20th November 2018
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Coastguard chief pessimistic about long-term future for emergency tugs

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The head of the coastguard service has cast doubt on the long-term future of the emergency tugs once the new short-term contract has expired. Meanwhile, after a meeting with SIC political leader Josie Simpson Scotland Office minister David Mundell has re-iterated the coalition government’s refusal to fund the tugs in the long-term.

Chief executive of the Maritime Coastguard Agency Sir Alan Massey said he was “not totally confident” commercial operators would offer funding to continue operating the vessels after the interim three-month arrangement ends in December.

Speaking during a visit to the coastguard station in Lerwick Sir Alan said he was “hopeful, but not expectant” that the tugs, introduced following the Lord Donaldson report into maritime safety after the Braer disaster, would still be operating next year.

“I’m sure we will get an interim contract in place because the government said it will fund it. I’m not totally confident on previous showings – in other words the past year that has gone by with lots of talk but no money – that something will come up.

“Of course, the government has agreed to give extra time to let that happen. I’m hopeful, but not expectant.”

Asked if he was satisfied another incident similar to the Braer could be prevented if a permanent contract failed to materialise, he said: “Am I satisfied? No, I think the risk is always out there.

“I can’t say I’m sanguine about not having tugs here but, realistically, you’re never going to mitigate the risk completely.

“I’m not being a naysayer. The government has taken a view that these things should not be funded. That’s not to say we believe we don’t need tugs at all. The risk is there and tugs are a good, strong mitigator, but they are not the full answer.

“On the showing of the ETV working group to date, we’ve not been that hopeful that people will front up with the money.

“It might well be that following this extension that people will have a change of heart, but up to now they have not achieved that.

“I am not a hundred per cent confident they will come up with a solution.”

He argued against SNP criticisms that the tugs were still away after being taken south before the last contract expired on 30th September, insisting complaints that the isles were left exposed to a greater risk was “one of the myths that needs busting”.

“They [the tugs] were only ever a partial guarantee. We’ve just seen in New Zealand, tragically, a case where a tug would never have been able to help in a million years, where a ship just ran itself aground.

“As it happens now, while we’re waiting for an interim contract, coastguards are being very pro-active in watching what ships are doing. If one looks to be suddenly drifting close to rocks then the coastguard will get in touch and try to marry it up with a tug from whatever source.”

Sir Alan was in the isles to visit staff following a second round of consultation on modernisation proposals.

The first round focused locally on the proposal to close either Lerwick or Stornoway stations, leaving the surviving unit to operate in daytime hours only.

Both stations were saved following a long-running campaign.

But while both Northern and Western Isles stations have been saved, there is still concern among union members the revised plans could compromise safety.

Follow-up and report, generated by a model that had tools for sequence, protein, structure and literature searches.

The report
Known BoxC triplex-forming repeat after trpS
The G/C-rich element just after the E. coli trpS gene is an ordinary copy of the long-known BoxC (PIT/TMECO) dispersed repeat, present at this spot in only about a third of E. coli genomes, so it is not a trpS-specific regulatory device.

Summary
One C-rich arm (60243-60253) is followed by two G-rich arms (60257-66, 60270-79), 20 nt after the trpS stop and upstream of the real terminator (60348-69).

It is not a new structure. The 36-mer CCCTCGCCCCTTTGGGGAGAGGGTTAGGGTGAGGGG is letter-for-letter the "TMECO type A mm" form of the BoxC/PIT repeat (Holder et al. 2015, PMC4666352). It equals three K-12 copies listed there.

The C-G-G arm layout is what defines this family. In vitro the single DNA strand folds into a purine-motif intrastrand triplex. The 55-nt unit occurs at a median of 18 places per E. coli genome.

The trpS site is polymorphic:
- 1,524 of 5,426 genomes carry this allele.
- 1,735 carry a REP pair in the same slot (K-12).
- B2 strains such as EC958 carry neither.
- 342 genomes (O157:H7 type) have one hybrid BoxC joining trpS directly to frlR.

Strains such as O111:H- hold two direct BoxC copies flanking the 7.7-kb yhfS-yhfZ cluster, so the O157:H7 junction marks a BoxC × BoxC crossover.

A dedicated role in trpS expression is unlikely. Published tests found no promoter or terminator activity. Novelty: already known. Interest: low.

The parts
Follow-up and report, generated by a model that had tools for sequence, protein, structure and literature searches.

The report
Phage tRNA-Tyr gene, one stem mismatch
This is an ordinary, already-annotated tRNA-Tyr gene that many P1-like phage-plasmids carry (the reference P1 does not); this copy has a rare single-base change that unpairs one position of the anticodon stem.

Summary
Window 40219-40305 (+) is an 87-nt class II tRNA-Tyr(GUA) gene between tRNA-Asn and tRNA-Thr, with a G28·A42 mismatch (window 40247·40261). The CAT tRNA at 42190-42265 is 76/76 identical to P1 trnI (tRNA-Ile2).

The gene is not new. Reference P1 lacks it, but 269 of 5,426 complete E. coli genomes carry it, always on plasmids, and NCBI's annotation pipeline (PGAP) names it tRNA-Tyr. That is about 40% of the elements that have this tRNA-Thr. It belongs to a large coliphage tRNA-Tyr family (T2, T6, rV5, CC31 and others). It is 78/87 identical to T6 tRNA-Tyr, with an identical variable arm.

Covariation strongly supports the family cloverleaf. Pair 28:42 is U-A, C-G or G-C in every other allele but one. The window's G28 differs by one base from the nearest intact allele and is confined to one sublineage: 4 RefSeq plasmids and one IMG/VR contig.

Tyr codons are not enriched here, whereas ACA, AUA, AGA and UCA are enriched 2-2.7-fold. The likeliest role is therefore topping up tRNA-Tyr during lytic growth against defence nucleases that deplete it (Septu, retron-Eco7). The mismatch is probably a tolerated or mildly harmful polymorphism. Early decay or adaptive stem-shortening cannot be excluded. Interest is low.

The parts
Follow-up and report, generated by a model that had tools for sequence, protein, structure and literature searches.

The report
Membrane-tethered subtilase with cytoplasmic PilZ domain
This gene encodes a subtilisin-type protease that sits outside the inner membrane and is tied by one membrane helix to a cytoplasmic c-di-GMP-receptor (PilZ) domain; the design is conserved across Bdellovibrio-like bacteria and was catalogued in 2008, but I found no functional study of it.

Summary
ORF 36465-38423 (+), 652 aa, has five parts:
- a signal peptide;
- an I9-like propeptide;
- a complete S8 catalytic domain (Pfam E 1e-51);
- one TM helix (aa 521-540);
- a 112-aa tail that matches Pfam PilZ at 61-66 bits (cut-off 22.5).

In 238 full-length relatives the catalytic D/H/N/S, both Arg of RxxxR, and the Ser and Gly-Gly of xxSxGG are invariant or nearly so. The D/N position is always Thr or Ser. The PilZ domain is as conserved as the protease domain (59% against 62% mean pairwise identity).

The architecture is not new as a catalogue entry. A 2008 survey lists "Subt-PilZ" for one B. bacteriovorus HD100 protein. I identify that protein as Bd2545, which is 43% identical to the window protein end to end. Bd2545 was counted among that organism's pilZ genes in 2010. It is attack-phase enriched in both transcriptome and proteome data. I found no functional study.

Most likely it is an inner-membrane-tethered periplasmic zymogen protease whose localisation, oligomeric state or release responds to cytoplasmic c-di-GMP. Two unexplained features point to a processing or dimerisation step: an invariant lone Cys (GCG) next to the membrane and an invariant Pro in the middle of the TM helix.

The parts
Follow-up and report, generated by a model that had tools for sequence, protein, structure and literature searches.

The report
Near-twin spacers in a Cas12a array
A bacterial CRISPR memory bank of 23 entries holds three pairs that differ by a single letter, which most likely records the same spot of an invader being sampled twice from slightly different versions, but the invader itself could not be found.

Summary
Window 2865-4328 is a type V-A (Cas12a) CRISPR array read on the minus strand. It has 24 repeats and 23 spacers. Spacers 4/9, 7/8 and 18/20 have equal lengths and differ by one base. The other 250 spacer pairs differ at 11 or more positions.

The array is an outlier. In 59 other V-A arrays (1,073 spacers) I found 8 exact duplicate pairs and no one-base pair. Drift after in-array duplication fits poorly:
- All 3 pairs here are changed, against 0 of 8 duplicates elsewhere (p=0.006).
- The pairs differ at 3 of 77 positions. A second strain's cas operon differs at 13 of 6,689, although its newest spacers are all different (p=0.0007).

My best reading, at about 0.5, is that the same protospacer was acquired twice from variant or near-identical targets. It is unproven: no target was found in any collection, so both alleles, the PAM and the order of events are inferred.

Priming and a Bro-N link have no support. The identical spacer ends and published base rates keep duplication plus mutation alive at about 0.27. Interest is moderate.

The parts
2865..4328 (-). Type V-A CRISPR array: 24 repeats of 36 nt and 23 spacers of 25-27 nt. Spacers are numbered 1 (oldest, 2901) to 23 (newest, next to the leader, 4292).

Under “plan B”, the UK’s main operating centre, or MOC, is planned for Southampton. The proposal has re-ignited fears that local knowledge in far north and island communities could still be lost.

Last week 86 per cent of PCS union workers who belong to the coastguard service admitted they had no confidence in the plans.

Sir Alan admitted that was a disappointing statistic.

“It’s slightly disappointing that they don’t see what we see which is a vision of a far more effective and properly joined up national coastguard.”

He paid tribute to staff in the isles who “made a good case” to retain the station in Knab Road.

However he stood by comments made earlier this year that the initial plans to close either Lerwick or Stornoway would have been workable.

“I still believe that they are workable, but what we’ve learned from the first consultation was the relative risks of what we were first proposing. Ministers, and we, have taken the view we do need to mitigate some of those risks.”

His comments came as Mr Mundell held talks with SIC political leader Josie Simpson.

Speaking after the meeting, Mr Mundell said: “People have understood that there is a significant issue. We also have to understand that departmental budgets are under enormous pressure – there isn’t a day goes by where we can’t see, here in Shetland and across the United Kingdom, the global financial turmoil that is still ongoing.

“It’s simply not possible for the government to change its course in terms of having to bring the deficit under control – so we’re in a difficult situation which means that difficult decisions have had to be made. But that doesn’t mean to say there’s not an understanding that there is a significant issue. That is why we’ve embarked on the course of action that we have to get an extension, and within that time period try and come up with a permanent solution.”

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About Ryan Taylor

Ryan Taylor has worked as a reporter since 1995, and has been at The Shetland Times since 2007, covering a wide variety of news topics. Before then he reported for other newspapers in the Highlands, where he was raised, and in Fife, where he began his career with DC Thomson. He also has experience in broadcast journalism with Grampian Television. He has lived in Shetland since 2002, where he harbours an unhealthy interest in old cars and motorbikes.

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